Magnitsky Act Legal Advocacy (“Magnitsky Team”)

The Magnitsky Team is part of an international consortium of lawyers working to develop submissions to countries with the Magnitsky Acts, which include Canada, the United States, the United Kingdom, Australia, Norway, Lithuania, Latvia, and Estonia. The team is working with pro-bono counsel in USA, UK, and Canada, as well as with esteemed partners such as Human Rights First from New York, Redress from the United Kingdom, Open Society from Europe, and the International Lawyer Project to develop specific case files on human rights abusers and corrupt officials who could be added to the Magnitsky Act visa ban and asset freeze lists. The Team actively engages in comprehensive research, fact-finding exercises, report publications, and participation in workshops and conferences organized by national and international NGOs and human rights entities. The team has thus far made submissions on 32 individuals and entities in different jurisdictions. In the past year, our clinicians submitted files on foreign corrupt officials to address significant corruption issues in North Macedonia and El Salvador. 

Human Rights and the Environment (“Environment Team”)

The Environment Team actively contributes to global climate litigation. Our clinicians support the mandate of the UN Special Rapporteur on Human Rights and the Environment by preparing reports, conducting substantive legal research, and developing novel legal arguments which connect human rights to the environment. In September 2023, the Environment Team embarked on a fact-finding mission to Amazon, Brazil, aimed at gathering evidence for a submission to an international human rights body. The submission specifically addresses the environmental impact and the encroachment upon indigenous Amazonian land. During the Summer of 2023, the Team also prepared a Brief to the Inter-American Court of Human Rights on the obligations of the State related to their duty to prevent and guarantee the right to a healthy environment.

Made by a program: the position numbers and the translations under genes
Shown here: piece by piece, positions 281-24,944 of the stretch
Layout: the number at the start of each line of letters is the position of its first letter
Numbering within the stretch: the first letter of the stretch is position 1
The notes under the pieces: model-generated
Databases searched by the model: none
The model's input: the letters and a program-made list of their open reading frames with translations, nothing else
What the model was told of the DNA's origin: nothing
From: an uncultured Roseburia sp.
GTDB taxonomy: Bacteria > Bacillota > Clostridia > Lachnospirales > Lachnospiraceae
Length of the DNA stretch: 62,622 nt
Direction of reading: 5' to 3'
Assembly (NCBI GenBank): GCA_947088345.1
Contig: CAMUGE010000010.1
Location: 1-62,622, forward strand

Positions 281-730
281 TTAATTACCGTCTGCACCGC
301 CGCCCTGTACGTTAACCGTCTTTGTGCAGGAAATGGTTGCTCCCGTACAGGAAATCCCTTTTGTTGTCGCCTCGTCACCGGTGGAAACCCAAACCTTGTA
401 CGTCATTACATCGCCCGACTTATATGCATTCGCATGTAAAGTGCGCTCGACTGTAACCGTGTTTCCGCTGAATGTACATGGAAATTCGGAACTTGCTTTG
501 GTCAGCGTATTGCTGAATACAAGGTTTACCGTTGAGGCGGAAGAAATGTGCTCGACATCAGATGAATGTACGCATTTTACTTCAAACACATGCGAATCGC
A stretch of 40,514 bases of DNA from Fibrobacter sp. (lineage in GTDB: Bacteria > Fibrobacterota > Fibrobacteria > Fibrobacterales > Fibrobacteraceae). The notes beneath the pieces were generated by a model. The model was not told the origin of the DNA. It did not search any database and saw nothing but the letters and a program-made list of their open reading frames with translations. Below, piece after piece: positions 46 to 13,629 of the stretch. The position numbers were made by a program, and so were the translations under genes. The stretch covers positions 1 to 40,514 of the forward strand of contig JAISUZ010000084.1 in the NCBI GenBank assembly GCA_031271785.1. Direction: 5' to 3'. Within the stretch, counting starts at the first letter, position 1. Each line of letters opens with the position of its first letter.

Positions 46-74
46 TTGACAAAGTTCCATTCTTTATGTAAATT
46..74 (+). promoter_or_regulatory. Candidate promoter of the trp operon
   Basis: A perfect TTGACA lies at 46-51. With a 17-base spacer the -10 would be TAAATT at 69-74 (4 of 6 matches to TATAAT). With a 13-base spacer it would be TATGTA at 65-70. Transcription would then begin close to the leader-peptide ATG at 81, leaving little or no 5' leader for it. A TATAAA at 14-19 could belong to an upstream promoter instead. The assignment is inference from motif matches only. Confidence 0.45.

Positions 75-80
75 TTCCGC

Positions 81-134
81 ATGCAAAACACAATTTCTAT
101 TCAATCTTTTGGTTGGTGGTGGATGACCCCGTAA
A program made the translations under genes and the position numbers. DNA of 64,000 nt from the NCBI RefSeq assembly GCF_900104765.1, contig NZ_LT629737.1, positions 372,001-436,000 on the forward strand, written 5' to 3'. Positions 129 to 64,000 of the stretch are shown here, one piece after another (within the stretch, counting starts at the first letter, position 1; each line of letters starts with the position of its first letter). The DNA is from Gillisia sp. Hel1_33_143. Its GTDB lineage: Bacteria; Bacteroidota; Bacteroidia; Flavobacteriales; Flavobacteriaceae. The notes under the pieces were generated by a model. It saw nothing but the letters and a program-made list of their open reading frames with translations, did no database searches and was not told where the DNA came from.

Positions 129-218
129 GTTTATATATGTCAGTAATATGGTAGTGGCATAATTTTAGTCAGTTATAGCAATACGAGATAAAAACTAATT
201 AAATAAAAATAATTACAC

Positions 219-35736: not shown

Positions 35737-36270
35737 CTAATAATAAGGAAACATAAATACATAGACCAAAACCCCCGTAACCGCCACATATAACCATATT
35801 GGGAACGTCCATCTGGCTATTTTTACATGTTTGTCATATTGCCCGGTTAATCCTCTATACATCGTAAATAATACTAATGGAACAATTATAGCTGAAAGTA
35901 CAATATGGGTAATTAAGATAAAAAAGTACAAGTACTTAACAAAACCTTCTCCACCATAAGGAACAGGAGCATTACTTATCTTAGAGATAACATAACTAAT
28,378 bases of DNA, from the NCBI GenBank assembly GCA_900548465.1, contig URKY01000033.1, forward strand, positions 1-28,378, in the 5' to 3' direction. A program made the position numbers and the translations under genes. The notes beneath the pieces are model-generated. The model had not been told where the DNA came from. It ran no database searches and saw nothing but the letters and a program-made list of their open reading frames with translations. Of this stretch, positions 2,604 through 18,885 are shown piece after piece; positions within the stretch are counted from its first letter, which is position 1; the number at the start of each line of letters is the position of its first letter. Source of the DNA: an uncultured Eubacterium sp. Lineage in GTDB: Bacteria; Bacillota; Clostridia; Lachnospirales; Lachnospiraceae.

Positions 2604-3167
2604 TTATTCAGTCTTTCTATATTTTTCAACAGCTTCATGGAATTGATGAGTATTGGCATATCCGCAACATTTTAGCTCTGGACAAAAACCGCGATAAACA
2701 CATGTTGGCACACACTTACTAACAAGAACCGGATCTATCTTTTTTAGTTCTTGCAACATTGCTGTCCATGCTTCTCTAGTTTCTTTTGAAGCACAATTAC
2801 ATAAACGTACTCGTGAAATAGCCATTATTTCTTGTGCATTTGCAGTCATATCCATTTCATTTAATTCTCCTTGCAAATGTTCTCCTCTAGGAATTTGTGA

Past Projects

Office of the International Co-Prosecutor, Extraordinary Chambers in the Courts of Cambodia (“ECCC Team”)

The ECCC was created to prosecute the senior leaders of Democratic Kampuchea, and those most responsible for the crimes and serious violations of Cambodia laws related to crimes, international humanitarian law and custom, and international conventions recognized by Cambodia, that were committed between 17 April 1975 and 6 January 1979. The ECCC Team is assisting the Office of the International Co-Prosecutor in its work on cases before the Court, through fact and legal analysis, information processing and management, and legal research. The OCP conducts preliminary investigations, prosecutes cases throughout the investigative, pre-trial, trial and appellate stages, processes victim complaints, and participates in judicial investigations. The nature of the work varies based on the OCP’s docket as well as the stages and development of proceedings, but the ECCC Team is gaining practical exposure to the core aspects of building criminal cases in an international context.